Fiscal cliff talks 'stalemated'
Talks to avoid the fiscal cliff are at a stand still, but there is still time for the White House and Republican lawmakers to reach a deal.PT0M0S 620 349
BARACK OBAMA, calling himself a ''hopeless optimist'', said he still believed Congress could pass a deal to avert the approaching fiscal cliff, and he urged both parties to craft at least an agreement he could sign into law before January 1.
In the White House briefing room on Friday, after a day of recriminations over failure to reach a deal, the US President said: ''As of today, I am still ready and willing to get a comprehensive package done.''
He said he remained committed to reducing the deficit, whether done ''all at once'' or in separate steps.
"How we get there, god only knows" ... US House Speaker John Boehner with US President Barack Obama. Photo: AP
But with time running out, Mr Obama called on Congress to work on at least an agreement that would prevent tax rates rising for 98 per cent of Americans, protect unemployment insurance and lay ''the groundwork for deficit reduction''.
He said he had asked congressional leaders to come up with a plan to be voted on this week.
''That is an achievable goal that could be done in 10 days,'' Mr Obama said. ''Call me a hopeless optimist but I actually still think we can get it done. [But] because we didn't get this done, I will see you next week.''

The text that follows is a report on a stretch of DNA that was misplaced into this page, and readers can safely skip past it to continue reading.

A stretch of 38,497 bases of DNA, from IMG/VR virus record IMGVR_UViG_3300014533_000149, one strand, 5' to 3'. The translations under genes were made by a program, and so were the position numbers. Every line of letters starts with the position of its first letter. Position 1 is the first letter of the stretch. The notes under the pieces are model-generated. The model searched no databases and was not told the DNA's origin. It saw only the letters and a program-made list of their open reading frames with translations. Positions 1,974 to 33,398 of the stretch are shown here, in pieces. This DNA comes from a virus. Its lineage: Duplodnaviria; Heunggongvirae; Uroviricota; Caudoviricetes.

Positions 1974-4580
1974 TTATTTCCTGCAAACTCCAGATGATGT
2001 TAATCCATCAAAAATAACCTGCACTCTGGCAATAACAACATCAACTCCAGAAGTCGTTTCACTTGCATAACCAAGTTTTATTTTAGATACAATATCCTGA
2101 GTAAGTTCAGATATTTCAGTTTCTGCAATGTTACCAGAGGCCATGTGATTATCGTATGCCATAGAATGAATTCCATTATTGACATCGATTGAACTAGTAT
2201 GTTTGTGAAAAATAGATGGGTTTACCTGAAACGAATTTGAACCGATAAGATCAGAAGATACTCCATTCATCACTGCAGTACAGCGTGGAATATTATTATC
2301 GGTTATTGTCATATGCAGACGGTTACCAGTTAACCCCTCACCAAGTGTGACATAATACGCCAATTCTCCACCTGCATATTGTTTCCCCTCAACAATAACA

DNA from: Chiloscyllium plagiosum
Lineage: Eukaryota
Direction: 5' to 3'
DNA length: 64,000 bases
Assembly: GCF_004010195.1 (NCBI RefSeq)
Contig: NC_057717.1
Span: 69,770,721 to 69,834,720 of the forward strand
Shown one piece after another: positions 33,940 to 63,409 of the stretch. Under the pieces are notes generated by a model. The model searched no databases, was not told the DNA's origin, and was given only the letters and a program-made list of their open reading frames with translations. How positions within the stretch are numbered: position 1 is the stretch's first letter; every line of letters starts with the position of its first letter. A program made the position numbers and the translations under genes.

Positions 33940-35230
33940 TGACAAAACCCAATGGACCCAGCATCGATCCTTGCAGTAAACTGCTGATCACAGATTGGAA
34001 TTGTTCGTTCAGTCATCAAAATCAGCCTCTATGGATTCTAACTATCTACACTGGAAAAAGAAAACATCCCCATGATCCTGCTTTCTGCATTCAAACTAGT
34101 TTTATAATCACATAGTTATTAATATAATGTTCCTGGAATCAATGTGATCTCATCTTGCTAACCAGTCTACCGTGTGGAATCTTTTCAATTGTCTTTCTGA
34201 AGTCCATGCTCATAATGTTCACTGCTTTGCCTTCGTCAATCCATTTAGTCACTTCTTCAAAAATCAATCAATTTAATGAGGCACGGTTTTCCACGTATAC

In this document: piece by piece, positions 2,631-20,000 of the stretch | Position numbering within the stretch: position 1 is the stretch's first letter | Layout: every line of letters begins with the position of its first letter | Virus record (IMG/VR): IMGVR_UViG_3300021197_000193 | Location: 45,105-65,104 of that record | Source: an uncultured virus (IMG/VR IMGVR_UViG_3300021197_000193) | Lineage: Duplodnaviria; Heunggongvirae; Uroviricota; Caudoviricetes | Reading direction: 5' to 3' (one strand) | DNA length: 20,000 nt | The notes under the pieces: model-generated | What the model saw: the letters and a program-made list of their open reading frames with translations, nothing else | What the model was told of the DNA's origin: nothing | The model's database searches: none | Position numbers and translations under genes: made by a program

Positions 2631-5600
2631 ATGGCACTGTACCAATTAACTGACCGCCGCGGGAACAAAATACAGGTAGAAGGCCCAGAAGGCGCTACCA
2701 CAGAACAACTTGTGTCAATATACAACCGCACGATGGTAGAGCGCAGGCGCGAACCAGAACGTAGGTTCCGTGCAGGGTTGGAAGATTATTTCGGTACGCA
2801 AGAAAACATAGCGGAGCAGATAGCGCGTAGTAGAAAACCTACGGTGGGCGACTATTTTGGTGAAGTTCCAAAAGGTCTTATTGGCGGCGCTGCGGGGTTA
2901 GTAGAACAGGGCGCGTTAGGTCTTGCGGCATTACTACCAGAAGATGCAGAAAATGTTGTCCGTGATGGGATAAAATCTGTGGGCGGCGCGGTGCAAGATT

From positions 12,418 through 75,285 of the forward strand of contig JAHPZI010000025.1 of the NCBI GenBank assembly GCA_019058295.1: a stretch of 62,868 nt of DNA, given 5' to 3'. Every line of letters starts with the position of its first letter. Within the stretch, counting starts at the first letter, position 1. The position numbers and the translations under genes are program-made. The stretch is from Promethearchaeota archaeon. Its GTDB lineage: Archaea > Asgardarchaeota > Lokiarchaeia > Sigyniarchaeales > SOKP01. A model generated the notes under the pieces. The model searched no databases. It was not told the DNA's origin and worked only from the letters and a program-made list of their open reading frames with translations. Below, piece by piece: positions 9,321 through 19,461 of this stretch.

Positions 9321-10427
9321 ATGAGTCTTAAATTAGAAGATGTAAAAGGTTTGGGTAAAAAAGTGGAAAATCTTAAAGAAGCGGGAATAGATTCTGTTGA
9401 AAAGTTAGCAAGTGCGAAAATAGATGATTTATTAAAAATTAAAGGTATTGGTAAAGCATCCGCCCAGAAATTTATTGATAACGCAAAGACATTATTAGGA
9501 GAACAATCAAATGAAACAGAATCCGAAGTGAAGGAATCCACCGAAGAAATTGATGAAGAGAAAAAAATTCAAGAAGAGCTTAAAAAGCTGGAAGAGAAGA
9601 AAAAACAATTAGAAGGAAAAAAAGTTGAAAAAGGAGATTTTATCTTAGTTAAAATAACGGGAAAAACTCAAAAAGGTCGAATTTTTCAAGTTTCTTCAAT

''Nobody gets 100 per cent of what they want,'' he said, implicitly acknowledging that a grand bargain that reduced the deficit was unlikely to be forged in the next 10 days. ''This is not simply a contest of parties between who looks good and who doesn't.''
Mr Obama said he hoped the time off for the holidays would give legislators cooler heads.
''I offered to compromise with Republicans in Congress,'' he said. ''I met them halfway on taxes, and I met them more than halfway on spending.''
Before he spoke, Mr Obama telephoned the Republican House Speaker, John Boehner.
He had sought to shift responsibility to Mr Obama and the Democratic-controlled Senate to reach an agreement to avert spending cuts and tax rises after his fellow Republicans delivered a stunning rebuke to his plan to raise taxes on those making more than $US1 million.
He said his plan failed because many of his fellow Republicans simply did not want to be perceived to be raising any taxes.
He still favoured a grand bargain with the President that would set the stage for an overhaul of tax and welfare. ''How we get there, god only knows,'' he said.
The Washington Post